Condo insurance typically exists as a named-peril coverage similar to the HO-2 policy. Although it would cost more, some insurers often allow their clients to switch to all-peril policies. This insurance coverage can reimburse insureds for damaged personal property and 'loss of use' when a covered incident renders the condo temporarily uninhabitable. Condo units interior features, like walls and floors, are also covered by condominium insurance. Condo insurance in Michigan can also cover personal liability claims when someone is hurt within your condo unit.


Mobile home insurance in Michigan is best suited for manufactured or mobile homes. Also known as the HO-7 insurance form, mobile home insurance offers personalized all-risk protection for just the physical building. However, only the specific risks mentioned in the policy, which may include hail, explosions, fire, theft, falling items, and vandalism, are covered for personal property. Owners of park models, modular houses, sectionals, and travel trailers in Michigan should consider getting mobile home insurance.

LANDLORD Insurance

Landlord insurance provides coverage for damages done to a rental property, other attached structures, and tools or equipment used in maintaining the rental building. Landlords in Michigan who purchase this insurance are also covered against personal liabilities and medical costs that may arise when tenants get injured on the property. If a building is uninhabitable due to damages from covered perils, a standard landlord insurance will cover lost wages from rental income. The following are the three major landlord insurance policies in Michigan.

  • DP-1 Dwelling Policy (Basic Form): This dwelling policy form is an affordable option for older rental structures or properties that are not often occupied. Under this policy, landlords get insurance protection for only a few risks, including wildfires, lightning, and winds
  • DP-2 Dwelling Policy (Broad Form): This policy form covers more peril than DP-1 policies, including falling debris, the weight of snow or ice, and water released from pipes
  • DP-3 Dwelling Policy (Special Form): This dwelling policy offers comprehensive coverage for all hazards. A DP-3 is the most prevalent type of dwelling coverage offered by many insurance companies in Michigan. It is frequently offered as replacement value coverage

RENTERS Insurance

More than 1.1 million Michigan homes are tenants-occupied. Renters insurance protects your personal belongings if you reside in a rented property. In a renters policy, you decide how much property damage insurance is necessary based on the cost of replacing your personal possessions. Renters insurance covers various risks, including lightning, wind, hail, riot, civil unrest, vandalism, falling items, smoke, and damage from a car. Additionally, renters insurance offers personal liability protection, guarding you against financial loss due to third-party claims for accidents that happened at your rented home and for which you were held responsible. It can also pay you for additional living expenses for temporary shelter and feeding when your apartment becomes uninhabitable due to a covered loss.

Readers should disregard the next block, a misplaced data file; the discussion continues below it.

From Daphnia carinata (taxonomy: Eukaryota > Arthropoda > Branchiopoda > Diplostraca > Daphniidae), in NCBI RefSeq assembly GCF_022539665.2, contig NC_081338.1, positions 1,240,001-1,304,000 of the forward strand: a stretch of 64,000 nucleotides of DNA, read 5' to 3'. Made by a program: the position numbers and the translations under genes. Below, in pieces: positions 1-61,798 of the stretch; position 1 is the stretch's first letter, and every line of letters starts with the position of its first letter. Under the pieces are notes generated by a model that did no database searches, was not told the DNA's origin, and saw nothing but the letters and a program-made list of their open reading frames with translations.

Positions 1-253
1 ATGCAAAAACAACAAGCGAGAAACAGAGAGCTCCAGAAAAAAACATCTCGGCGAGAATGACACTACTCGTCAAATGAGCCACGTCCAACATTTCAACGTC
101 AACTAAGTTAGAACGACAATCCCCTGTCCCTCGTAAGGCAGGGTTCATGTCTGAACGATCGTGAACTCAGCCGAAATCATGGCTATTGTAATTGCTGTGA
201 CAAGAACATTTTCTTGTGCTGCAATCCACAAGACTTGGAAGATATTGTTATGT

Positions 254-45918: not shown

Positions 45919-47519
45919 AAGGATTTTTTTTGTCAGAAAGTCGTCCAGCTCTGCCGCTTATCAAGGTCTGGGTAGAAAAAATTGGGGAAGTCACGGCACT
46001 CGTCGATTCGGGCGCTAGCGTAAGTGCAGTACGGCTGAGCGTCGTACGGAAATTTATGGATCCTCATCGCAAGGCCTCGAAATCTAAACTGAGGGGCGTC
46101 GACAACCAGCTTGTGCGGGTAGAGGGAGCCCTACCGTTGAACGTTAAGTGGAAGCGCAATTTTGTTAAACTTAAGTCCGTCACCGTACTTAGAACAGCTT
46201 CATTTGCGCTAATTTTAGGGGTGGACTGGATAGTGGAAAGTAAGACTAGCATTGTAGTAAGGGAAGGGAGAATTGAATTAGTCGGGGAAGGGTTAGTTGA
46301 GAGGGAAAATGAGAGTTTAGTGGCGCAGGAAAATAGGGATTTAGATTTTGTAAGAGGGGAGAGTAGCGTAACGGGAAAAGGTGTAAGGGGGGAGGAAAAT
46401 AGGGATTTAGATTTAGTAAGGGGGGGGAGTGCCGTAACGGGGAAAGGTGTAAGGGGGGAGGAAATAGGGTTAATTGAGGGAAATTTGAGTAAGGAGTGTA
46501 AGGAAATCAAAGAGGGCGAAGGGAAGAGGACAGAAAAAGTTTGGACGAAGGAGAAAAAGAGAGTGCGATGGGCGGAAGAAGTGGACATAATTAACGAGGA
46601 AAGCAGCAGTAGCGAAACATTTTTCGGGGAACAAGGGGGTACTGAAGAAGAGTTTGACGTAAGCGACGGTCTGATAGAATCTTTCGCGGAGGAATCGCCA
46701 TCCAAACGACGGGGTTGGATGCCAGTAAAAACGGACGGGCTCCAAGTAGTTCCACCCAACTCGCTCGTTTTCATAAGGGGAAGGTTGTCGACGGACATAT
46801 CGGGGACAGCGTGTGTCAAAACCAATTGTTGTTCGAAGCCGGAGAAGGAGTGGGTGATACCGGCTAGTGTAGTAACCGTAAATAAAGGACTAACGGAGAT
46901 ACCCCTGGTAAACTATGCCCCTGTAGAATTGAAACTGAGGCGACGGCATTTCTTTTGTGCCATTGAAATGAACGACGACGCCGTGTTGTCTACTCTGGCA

Your renters insurance policy in Michigan covers more than the replacement costs for lost personal belongings. You can also get an extra 10% of the total coverage limit of your policy to cover other belongings outside of your home. For instance, if you purchase personal property coverage worth $5,000, you will instantly be given an extra $500 in coverage for any lost, damaged, or stolen items located somewhere else in the U.S. According to a report by the National Association of Insurance Commissioners (NAIC), the cost of renters insurance is between $15 and $30 monthly.

LIABILITY - Residential Insurance in Michigan

Residential liability insurance in Michigan is for homeowners, landlords, condo owners, and renters. It covers legal actions in which the insured is held liable for third parties' accidents on their residential property. Most comprehensive home insurance policies often include liability coverage. Some instances where liability insurance is necessary include a situation where your visitor gets injured while in your home. If the injured person needs medical treatment or decides to sue you, your liability insurance can pay for the medical costs or legal fees. Also, in situations where your pets damage someone’s belongings or injures someone, your homeowners coverage through liability insurance will cover it. However, liability insurance excludes costs of treating pets when they are injured; that is often covered under pet insurance. To find out what your homeowners insurance covers and does not, it is crucial to speak with a Michigan-licensed property and casualty insurance agent.

Homeowners Insurance vs. Condo Insurance: How Are They Different?

Homeowners insurance and condo insurance are identical in that they offer the owner coverage for personal belongings, personal liability, and coverage for the inside of the home. However, the distinction between the two home insurance products is how they address insuring a property's structure. Generally, homeowners insurance policies in Michigan will cover the interior and the exterior parts of a home against covered perils. On the other hand, condo insurance only covers the interior features of the owner’s individual unit. Other external features of a condo, which are shared between different owners, are covered under a separate condo association’s insurance. A condo association's master insurance can either be an "all-in" policy that covers your condo unit's fixtures, including carpets and fitted equipment, or a "bare walls-in" policy that excludes everything inside your unit.

How Much Home Insurance Coverage Do I Need?